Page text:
# Flow condensation in micro- and minichannels

### From Thermal-FluidsPedia

Condensation in miniature or micro channels finds its applications in electronics cooling, microscale energy, and Micro-Electro-Mechanical Systems (MEMS). The patterns of flow particularly relevant to a capillary tube include annular, slug, plug, and bubble (Tabatabai and Faghri, 2001). At the beginning of the two-phase flow, an annular layer forms on the inside of the tube. As vapor or gas velocity decreases, it causes ripples to form on the liquid surface, leading to the formation of collars. The collar can also result from condensation of the vapor on the liquid film in the tube.

Eventually, the collars grow to form a bridge. The relative size of the gap formed as a result of bridging establishes slug, plug, and bubble regimes. In a large tube, the bridge does not form because of high gravitational pull on the liquid film. The recognition of and accuracy in reporting on various flow regimes and their respective operating conditions is a major consideration in developing a flow map. Some investigators have reported more intermittent (slug and plug) regimes than others.

For example, Dobson et al. (1998) reported annular, wavy, wavy-annular and mist-annular regimes for condensation of refrigerants; Soliman (1974) identified annular, semiannular, semiannular-wavy, spray annular, annular wavy, and spray regimes for condensation of refrigerants. In general, there is bound to be some subjectivity in regime reporting that reflects the accuracy of measurement, visualization, and regime identification techniques. This fact becomes even more critical in tubes of smaller diameter where flow regimes may be more difficult to observe.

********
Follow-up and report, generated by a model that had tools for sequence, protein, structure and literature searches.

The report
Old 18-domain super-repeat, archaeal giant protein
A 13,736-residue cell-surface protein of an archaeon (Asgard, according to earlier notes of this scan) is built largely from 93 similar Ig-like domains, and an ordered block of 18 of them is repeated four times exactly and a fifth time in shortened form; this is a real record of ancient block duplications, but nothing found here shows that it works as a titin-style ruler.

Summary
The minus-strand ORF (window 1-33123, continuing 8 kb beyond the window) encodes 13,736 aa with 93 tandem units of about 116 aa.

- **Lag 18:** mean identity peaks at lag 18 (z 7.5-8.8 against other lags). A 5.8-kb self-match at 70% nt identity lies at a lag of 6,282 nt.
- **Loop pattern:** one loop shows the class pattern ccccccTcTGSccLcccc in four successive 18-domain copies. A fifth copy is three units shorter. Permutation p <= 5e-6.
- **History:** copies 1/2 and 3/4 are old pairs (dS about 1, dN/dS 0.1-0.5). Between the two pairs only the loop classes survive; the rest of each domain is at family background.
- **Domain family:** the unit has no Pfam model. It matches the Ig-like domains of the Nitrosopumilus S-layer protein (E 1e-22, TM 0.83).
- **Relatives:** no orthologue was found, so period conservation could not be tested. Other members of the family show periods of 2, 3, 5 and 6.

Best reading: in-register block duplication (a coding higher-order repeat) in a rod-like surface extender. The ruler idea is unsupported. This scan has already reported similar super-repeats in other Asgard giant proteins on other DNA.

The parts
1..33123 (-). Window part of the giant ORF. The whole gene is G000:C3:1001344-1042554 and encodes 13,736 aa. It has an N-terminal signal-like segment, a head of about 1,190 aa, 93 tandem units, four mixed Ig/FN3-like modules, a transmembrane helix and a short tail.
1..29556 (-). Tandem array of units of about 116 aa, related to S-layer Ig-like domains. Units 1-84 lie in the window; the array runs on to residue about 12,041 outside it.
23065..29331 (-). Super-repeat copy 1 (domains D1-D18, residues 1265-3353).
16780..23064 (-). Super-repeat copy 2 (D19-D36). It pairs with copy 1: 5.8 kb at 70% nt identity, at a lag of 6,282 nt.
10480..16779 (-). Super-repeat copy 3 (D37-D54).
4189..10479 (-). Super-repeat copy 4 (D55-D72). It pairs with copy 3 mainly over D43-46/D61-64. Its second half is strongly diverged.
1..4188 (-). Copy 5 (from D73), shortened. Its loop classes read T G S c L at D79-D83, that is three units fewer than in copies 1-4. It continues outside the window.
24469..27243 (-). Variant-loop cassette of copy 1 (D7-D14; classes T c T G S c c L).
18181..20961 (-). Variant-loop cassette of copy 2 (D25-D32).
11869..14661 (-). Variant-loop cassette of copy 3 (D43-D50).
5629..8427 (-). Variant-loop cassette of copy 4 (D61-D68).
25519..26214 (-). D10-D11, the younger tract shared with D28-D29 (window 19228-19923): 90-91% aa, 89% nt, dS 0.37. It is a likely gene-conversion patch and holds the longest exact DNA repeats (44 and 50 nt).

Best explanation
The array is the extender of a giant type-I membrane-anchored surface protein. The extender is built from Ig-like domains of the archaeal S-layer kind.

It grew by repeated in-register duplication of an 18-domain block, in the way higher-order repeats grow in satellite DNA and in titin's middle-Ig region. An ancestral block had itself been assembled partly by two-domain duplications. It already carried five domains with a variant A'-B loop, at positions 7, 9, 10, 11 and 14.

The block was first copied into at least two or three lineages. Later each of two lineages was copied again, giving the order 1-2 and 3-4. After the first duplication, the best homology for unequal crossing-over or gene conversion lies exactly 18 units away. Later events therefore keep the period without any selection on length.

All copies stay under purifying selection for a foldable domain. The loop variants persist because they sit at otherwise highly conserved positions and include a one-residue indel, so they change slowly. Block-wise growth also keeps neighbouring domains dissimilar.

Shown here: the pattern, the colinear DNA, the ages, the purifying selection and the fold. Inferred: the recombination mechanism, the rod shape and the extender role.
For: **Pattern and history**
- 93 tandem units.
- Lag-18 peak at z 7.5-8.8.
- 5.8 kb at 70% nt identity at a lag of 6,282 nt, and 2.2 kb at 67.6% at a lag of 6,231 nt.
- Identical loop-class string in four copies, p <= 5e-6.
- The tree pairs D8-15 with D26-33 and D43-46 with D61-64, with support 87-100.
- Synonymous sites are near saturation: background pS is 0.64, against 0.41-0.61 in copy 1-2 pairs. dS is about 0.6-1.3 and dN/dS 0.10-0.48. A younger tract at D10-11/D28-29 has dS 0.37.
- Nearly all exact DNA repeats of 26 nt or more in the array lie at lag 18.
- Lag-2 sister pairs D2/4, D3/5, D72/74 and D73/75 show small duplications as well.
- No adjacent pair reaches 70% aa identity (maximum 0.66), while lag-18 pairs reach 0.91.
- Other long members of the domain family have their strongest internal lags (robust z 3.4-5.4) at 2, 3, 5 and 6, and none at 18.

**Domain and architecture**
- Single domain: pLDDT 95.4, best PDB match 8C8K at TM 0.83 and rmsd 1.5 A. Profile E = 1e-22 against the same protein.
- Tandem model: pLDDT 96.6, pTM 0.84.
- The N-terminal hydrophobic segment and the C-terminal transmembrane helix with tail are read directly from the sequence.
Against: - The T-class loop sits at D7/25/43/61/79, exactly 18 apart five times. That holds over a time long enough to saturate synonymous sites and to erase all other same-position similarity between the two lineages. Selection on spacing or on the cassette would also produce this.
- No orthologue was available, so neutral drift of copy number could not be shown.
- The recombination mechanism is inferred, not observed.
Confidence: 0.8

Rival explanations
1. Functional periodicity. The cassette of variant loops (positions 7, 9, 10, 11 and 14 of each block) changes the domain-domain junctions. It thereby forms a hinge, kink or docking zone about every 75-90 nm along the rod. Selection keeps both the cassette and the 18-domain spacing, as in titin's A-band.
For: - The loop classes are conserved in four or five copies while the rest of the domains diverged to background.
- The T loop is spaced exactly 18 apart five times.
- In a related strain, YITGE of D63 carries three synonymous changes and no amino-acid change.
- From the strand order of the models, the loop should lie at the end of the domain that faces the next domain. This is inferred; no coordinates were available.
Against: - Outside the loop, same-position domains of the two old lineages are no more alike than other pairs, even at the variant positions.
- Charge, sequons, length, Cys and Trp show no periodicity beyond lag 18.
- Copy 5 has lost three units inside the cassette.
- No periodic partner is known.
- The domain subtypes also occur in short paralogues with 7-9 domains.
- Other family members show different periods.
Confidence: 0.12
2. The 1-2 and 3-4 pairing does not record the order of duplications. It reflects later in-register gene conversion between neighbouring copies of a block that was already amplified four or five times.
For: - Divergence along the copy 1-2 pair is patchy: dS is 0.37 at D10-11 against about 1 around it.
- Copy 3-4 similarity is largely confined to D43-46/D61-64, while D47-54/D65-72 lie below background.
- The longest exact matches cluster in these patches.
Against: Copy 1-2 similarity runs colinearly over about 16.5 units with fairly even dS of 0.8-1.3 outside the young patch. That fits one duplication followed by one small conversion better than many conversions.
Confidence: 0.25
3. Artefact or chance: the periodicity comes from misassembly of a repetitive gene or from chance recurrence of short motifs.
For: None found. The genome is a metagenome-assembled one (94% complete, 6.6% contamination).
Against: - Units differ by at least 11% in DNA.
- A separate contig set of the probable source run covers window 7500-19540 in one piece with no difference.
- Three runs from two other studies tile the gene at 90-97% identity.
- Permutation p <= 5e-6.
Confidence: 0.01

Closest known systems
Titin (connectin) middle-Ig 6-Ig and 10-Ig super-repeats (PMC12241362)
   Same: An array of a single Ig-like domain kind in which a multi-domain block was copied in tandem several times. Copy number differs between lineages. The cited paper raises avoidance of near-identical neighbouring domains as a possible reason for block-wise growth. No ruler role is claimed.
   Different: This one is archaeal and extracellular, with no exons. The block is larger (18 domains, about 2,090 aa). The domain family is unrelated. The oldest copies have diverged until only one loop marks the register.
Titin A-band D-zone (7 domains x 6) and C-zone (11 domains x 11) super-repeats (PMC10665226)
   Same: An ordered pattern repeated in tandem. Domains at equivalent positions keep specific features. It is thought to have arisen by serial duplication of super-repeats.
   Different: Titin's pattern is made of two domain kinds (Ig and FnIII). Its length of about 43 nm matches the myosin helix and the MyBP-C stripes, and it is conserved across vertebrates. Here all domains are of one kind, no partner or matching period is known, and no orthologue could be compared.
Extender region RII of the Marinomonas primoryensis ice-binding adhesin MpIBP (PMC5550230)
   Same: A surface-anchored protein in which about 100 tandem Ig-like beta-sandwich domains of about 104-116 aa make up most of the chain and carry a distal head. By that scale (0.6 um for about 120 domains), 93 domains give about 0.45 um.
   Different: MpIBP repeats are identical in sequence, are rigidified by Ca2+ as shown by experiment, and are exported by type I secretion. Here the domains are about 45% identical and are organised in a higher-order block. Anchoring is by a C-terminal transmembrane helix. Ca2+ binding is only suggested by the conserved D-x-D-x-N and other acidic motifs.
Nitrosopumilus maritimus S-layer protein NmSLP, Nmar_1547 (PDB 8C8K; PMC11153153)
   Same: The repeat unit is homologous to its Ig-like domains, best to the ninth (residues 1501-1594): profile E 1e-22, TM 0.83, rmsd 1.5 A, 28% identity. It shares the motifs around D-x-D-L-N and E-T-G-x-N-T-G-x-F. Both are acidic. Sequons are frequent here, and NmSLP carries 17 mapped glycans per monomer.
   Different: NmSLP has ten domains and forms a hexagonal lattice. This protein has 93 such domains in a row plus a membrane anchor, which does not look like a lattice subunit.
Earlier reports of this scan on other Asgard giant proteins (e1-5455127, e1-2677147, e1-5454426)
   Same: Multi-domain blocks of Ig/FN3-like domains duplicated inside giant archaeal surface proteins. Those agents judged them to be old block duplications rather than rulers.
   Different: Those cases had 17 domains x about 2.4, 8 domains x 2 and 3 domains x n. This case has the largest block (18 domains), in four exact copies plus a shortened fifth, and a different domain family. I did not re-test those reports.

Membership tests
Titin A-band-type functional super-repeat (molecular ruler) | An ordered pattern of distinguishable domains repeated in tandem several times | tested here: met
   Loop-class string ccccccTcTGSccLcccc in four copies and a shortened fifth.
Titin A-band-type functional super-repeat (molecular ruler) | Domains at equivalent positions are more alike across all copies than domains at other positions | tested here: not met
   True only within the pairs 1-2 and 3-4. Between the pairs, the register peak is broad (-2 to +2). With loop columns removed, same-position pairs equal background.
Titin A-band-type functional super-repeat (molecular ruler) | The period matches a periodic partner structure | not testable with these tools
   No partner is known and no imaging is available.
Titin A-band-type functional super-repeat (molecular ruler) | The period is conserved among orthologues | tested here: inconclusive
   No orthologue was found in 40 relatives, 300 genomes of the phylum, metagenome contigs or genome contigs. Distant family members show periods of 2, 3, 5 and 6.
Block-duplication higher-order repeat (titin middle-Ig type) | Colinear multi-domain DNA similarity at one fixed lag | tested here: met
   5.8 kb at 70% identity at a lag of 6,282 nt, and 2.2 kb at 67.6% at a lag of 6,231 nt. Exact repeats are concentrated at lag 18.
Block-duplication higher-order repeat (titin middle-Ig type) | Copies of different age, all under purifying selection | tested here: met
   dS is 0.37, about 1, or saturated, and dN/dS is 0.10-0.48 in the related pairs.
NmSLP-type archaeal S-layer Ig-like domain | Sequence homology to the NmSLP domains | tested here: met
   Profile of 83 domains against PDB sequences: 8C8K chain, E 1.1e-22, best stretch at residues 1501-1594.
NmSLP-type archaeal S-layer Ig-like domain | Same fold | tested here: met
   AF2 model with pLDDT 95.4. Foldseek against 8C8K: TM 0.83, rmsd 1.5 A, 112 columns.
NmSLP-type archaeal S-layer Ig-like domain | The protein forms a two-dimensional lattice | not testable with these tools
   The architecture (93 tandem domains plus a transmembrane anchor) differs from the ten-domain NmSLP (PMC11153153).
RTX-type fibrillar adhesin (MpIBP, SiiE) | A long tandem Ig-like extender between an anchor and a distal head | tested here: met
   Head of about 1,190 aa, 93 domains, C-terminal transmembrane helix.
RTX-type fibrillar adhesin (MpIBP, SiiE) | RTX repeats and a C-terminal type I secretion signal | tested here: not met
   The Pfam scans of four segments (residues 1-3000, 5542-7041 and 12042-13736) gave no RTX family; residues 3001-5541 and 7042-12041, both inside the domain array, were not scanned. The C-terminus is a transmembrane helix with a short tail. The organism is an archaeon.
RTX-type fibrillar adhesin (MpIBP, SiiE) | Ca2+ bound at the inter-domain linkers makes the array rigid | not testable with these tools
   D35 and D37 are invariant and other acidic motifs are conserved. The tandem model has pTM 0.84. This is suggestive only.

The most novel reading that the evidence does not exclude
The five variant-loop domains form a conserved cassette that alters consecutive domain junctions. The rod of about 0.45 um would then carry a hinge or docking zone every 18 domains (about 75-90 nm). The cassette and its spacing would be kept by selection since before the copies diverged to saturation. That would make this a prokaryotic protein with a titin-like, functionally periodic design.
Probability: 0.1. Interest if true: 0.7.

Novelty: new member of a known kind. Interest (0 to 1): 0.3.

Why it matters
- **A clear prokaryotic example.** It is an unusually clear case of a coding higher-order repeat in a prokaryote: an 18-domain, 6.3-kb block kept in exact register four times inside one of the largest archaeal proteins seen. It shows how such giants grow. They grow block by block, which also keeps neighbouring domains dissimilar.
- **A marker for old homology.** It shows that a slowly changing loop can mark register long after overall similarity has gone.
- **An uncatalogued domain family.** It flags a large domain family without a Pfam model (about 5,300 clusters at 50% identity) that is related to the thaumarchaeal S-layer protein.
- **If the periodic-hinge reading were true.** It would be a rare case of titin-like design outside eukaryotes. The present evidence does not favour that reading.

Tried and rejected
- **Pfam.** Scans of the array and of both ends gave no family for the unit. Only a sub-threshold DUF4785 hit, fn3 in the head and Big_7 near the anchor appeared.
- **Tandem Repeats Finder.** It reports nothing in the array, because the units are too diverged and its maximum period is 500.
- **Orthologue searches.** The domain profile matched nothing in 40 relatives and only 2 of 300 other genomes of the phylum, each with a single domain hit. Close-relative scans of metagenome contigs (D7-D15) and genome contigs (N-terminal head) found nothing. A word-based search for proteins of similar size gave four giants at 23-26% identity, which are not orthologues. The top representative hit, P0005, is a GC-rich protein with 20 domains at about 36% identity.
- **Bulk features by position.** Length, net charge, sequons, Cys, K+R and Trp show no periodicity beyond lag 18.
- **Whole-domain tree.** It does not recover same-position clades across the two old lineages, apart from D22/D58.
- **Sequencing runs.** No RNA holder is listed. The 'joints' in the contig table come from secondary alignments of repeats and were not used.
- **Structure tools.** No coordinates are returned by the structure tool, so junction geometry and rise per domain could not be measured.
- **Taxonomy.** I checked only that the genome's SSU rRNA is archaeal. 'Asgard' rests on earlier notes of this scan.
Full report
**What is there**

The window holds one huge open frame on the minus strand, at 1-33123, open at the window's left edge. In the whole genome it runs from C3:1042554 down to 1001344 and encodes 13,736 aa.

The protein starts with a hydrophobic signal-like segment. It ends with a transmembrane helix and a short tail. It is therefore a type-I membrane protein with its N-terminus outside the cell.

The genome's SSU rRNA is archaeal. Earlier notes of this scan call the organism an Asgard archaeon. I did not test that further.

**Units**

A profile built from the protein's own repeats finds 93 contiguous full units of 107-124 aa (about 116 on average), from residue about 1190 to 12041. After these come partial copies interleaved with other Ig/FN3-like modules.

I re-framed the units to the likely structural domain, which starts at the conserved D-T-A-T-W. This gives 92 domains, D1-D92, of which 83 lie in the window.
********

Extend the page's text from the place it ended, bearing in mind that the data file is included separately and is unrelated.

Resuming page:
In general, film or interface instability can be used as a criterion for flow transitions. Rabas and Minard (1987) suggested two forms of flow instabilities occurring inside horizontal tubes with complete condensation. The two forms are distinguished by a transition Froude number. It is suggested that the first instability results from the low vapor flow rate associated with a stratified exit condition and from vapor flowing into the tube exit, which causes condensate chugging or water hammer instability. The second instability results from a high vapor flow rate, which produces an inadequate distribution of the vapor and blockage of the tube exit, in turn causing large subcooled condensate temperature variations.

Instability can also occur in small-diameter tubes, due mainly to capillary blocking where the liquid film bridges the tube to form a plug. In an integro-differential approach by Teng et al. (1999), capillary blocking was investigated in a thermosyphon condenser tube with an axisymmetric viscous annular condensate film with a vapor core. It was found that at low relative vapor velocities, surface tension was responsible for film instability in capillary tubes. At high relative vapor velocities, on the other hand, hydrodynamic force was responsible for the instability. Additionally, liquid bridges are maintained by buoyant motion of the vapor bubbles. Tabatabai and Faghri (2001) proposed a detailed flow map that emphasizes the importance of surface tension in two-phase flow in horizontal miniature and micro channels. Tabatabai and Faghri’s (2001) proposed a flow map for two-phase flow in horizontal tubes plots the ratio of vapor to liquid superficial velocity as defined by